Tommy Ridgley was on the Crescent City R&B scene when it first
caught fire, and he remains a proud part of that same scene
today. That's a lot of years behind a microphone, but Ridgley
doesn't sound the slightest bit tired; his 1995 Black Top album
the Blues Began rates with his liveliest outings to date.
Ridgley cut his debut sides back in 1949 for Imperial under Dave
Bartholomew's direction. His "Shrewsbury Blues" and "Boogie
Woogie Mama" failed to break outside of his hometown, though.
Sessions for Decca in 1950 and Imperial in 1952 (where he
waxed the wild "Looped") preceded four 1953-55 sessions for
Atlantic that included a blistering instrumental, "Jam Up," that
sported no actual Ridgley involvement but sold relatively well
under his name (incomparable tenor saxist Lee Allen was
New York's Herald Records was Ridgley's home during the late
'50s. The consistently solid singer waxed "When I Meet My Girl"
for the firm in 1957, encoring with a catchy "Baby Do-Liddle."
From there, it was on to his hometown-based Ric logo, where he
laid down the stunning stroll-tempoed "Let's Try and Talk It
Over" and a bluesy "Should I Ever Love Again" in 1960. He
recorded intermittently after leaving Ric in 1963, waxing a soulful
"I'm Not the Same Person" in 1969 for Ronn.
Ridgley always remained a hometown favorite even when
recording opportunities proved scarce. Happily, Since the Blues
Began ranked with 1995's best albums, Ridgley sounding entirely
contemporary but retaining his defining Crescent City R&B edge.
How Long appeared in 1999. ~ Bill Dahl, All-Music Guide
Now 50 years in the music business, TOMMY
RIDGLEY, is considered the Master of Rhythm & Blues. As one of the
great and enduring Rhythm & Blues artists in New Orleans, TOMMY RIDGLEY
has stood the test of time with more than 70 recordings since 1949.
TOMMY RIDGLEY is a very friendly, humble
man with a wealth of good stories and very strong
TOMMY RIDGLEY'S roots, like so many other
Rhythm & Blues artists, started in the church choir. Also being
the offspring of a musicial family, he had the ability to sing. At age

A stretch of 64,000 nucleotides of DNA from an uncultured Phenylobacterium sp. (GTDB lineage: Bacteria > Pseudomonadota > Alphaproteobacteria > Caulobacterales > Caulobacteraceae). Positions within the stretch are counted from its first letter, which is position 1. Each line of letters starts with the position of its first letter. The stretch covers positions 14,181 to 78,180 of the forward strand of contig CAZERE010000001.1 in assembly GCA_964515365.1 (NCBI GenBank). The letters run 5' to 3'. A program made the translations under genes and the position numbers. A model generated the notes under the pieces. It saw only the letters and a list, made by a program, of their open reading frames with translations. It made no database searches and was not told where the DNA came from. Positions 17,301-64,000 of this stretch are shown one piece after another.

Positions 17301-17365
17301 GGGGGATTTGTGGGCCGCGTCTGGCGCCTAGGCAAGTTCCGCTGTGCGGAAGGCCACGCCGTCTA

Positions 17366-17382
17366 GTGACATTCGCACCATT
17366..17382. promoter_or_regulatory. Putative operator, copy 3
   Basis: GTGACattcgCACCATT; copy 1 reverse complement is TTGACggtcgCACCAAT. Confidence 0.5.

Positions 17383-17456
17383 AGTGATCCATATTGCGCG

17, he joined the Navy. During this time he developed an interest
in learning to play the piano. In 1946, after World War II, he returned
to New Orleans and studied music. Influenced by Roy Brown, a New Orleans'
resident and one of the biggest Rhythm & Blues artists nationally,
Ridgley began developing his own style. Being a much sought after performer,
performing at The Dew Drop Inn, a New
Orleans' most popular black live music venue.
TOMMY RIDGLEY'S recording break came in
October 1949 with the release of "Shrewsbury Blues," and "Early Dawn Boogie,"
on Imperial Records with Dave Bartholomew's band. In 1952, TOMMY RIDGLEY
signed with Decca Records which produced "TraLaLa," a Tommy Ridgley song
covered by Pat Boone.
Soon after, Ridgley signed to Atlantic
Records, where he enjoyed a four year association with Jerry Wexler. There
were consistent moderate selling recordings, but no national hit.
Over the next years, Ridgley recorded for
Herald Records, Ric & Ron Records where he was billed as the New Orleans'
King of the Stroll. Joe Ruffiino wanted to make a stroll record in reference
to a popular dance of that era. (Similar to Chuck Willis.)
In 1957, THE UNTOUCHABLES, were formed.
TOMMY RIDGLEY and his band, THE UNTOUCHABLES, were much respected and got
most of the best gigs in the area. Ridgley was firmly established during